One of the key lessons that the AR (and VR) industry learned after its circa-2017 hype cycle is that it’s generally not a good idea to set overblown expectations. Many companies and investors got burned from believing that AR’s revolutionary impact was imminent.
Consumers have also been turned off to some degree. That’s not because AR isn’t compelling, but because it’s been somewhat disappointing — at least relative to its hyped promises. Magic Leap 1 was one example of this sequence playing out, and the company paid for it.
Since then, Magic Leap 2 redeemed many sins of the father, and the industry has seen other milestones, such as Vision Pro’s launch. Though the latter’s price tag precludes any meaningful scale, it’s Apple’s demonstration of what’s possible at any cost – a glimpse of AR’s future.
Meanwhile, AR is achieving other small wins. While the technology works towards its headworn endpoints, mobile AR – though not the optimal form factor – is gaining scale, traction, and revenue today. It’s a stepping stone towards a headworn AR future, but also an end in itself.
With that backdrop, what’s the timeline for ubiquity in AR’s fully-actualized form? By that, we mean all-day AR glasses with stylistic viability and wearability. That reality isn’t present today because current technology can’t achieve both graphical intensity and wearability.
As AR leaders have learned these lessons firsthand, we’ve begun to notice a common theme in their public statements. They’ve realized that the smart play is to be honest with themselves and consumers about the realistic timeline for AR glasses’ lifecycle.
The two biggest examples in recent history are Mark Zuckerberg and Evan Speigel. Both lead companies that are at different stages of AR glasses R&D and market penetration. And both have recently explicated a similar timeline of about ten years for AR glasses’ actualization.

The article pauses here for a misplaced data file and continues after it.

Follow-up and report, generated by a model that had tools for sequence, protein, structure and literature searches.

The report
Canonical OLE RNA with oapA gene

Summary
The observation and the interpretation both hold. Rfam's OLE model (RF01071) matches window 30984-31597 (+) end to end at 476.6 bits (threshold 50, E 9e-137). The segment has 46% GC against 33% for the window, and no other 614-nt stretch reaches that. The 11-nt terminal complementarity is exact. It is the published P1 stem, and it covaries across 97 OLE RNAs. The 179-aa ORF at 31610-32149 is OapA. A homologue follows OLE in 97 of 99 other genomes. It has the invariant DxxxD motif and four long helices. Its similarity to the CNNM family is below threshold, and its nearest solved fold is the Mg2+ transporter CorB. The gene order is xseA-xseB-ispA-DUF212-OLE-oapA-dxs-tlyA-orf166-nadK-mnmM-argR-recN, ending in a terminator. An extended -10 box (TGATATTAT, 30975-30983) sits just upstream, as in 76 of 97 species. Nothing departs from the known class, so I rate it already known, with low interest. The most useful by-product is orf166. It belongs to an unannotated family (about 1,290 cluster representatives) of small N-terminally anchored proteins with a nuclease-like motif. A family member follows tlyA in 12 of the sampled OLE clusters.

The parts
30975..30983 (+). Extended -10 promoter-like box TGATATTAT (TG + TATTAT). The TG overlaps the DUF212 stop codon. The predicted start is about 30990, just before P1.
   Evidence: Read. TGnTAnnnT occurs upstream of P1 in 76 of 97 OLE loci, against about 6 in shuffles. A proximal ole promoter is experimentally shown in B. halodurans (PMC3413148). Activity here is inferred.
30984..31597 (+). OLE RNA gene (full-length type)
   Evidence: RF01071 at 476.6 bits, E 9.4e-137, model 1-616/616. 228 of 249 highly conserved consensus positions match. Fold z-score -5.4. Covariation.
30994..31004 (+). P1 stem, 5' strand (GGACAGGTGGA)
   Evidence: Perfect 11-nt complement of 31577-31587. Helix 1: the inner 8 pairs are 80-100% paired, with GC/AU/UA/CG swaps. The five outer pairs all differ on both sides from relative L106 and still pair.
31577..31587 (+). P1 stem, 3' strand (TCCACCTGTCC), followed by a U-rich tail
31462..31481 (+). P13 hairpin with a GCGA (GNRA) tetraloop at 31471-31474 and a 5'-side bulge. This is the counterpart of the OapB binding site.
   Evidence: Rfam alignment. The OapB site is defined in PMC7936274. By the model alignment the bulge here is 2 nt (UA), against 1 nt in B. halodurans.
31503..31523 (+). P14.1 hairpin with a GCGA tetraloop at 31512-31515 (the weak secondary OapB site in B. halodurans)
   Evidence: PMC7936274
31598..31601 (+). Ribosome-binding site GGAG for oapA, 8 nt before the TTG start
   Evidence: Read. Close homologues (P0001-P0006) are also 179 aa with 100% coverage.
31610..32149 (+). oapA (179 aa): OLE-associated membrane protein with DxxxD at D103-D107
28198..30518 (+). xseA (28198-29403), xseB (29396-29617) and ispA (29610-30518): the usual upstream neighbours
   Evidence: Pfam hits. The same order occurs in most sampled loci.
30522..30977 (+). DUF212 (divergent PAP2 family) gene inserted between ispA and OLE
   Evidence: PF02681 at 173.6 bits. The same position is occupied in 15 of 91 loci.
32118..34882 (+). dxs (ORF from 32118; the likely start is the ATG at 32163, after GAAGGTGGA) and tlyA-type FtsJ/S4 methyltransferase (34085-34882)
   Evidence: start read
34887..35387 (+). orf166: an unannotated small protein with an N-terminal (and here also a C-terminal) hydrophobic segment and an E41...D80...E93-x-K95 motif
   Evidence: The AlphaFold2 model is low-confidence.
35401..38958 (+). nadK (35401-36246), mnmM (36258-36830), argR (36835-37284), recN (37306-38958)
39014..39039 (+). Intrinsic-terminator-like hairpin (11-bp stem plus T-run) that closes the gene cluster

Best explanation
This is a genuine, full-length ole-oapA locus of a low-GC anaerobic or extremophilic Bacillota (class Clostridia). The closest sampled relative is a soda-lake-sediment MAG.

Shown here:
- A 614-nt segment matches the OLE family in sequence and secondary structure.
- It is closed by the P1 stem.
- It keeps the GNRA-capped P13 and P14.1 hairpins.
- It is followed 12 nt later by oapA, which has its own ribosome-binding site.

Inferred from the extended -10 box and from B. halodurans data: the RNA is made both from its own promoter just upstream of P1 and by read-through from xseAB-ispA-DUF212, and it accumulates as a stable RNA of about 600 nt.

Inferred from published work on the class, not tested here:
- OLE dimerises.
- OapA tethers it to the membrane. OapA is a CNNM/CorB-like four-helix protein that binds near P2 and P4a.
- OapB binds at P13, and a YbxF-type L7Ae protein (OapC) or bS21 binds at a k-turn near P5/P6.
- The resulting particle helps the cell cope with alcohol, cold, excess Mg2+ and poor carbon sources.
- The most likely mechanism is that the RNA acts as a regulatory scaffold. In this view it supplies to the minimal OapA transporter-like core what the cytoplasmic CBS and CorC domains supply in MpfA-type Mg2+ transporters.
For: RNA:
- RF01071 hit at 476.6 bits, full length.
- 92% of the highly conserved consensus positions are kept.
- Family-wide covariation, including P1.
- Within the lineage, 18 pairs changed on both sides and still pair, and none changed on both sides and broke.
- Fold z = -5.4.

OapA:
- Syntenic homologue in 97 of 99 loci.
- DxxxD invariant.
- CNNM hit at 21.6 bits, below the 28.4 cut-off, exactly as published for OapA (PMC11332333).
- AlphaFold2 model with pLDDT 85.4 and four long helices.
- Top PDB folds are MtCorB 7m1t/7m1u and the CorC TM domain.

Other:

Mark Zuckerberg on the Information’s Podcast.
When we got phones, we didn’t get rid of our computers. We maybe just shifted some of our time towards phones. My guess is that we’ll have phones for a while too, so that part of what we do will always be important. But I think over time, [AR] will become the platform for more and more people, and I think that there’s a lot of awesome stuff that comes from that. If you can deliver a computing platform that’s fundamentally more human and about creating natural interactions between people, that’s sort of the dream that we’ve been chasing for a long time. If we can build that — and I do think it will be in a decade — a lot of the things we’ve talked about today should be delivered and at scale. I think that that will be very exciting. A lot of this stuff will start to come about in the 2020s. It may not really reach the full scale until 2030.
Evan Speigel at TechCrunch Disrupt
Spectacles represent a long-term investment in augmented reality hardware. […] So I think it’ll be roughly ten years before there’s a consumer product with a display that could be really widely adopted. But in the meantime, we’ve built a relationship with our community and all these people who love building [AR] experiences and we’re sort of working our way towards that future, rather than go in a hole or in an R&D center, and try to make something that people like, then show them ten years later. We’ve sort of created a relationship with our community where we build that future together.
To circle back to an earlier point, though the road to AR glasses is long and winding, there are small wins along the way. The above two tech leaders helm companies that are achieving milestones in VR and mobile AR, including usage and revenue targets.
These short-term wins are a key enabler for their ability to speak honestly about the long term. They can temper expectations for AR glasses while armed with the confidence that the spatial computing work they’re doing today is producing tangible, albeit gradual, results.
In fact, despite the market trough (or a pendulum swing as we’ve put it), AR is far from dead. It’s just taking longer than first expected to develop in terms of underlying capabilities and cultural acclimation. Hype aside, AR is moving at the pace it was always meant to.
This framing makes AR’s 2030 deferment easier to swallow. And the sooner we all come to terms with that – including generalist tech punditry that still characterizes AR glasses’ world-changing impendence – the more we’ll set up AR to succeed through realistic expectations.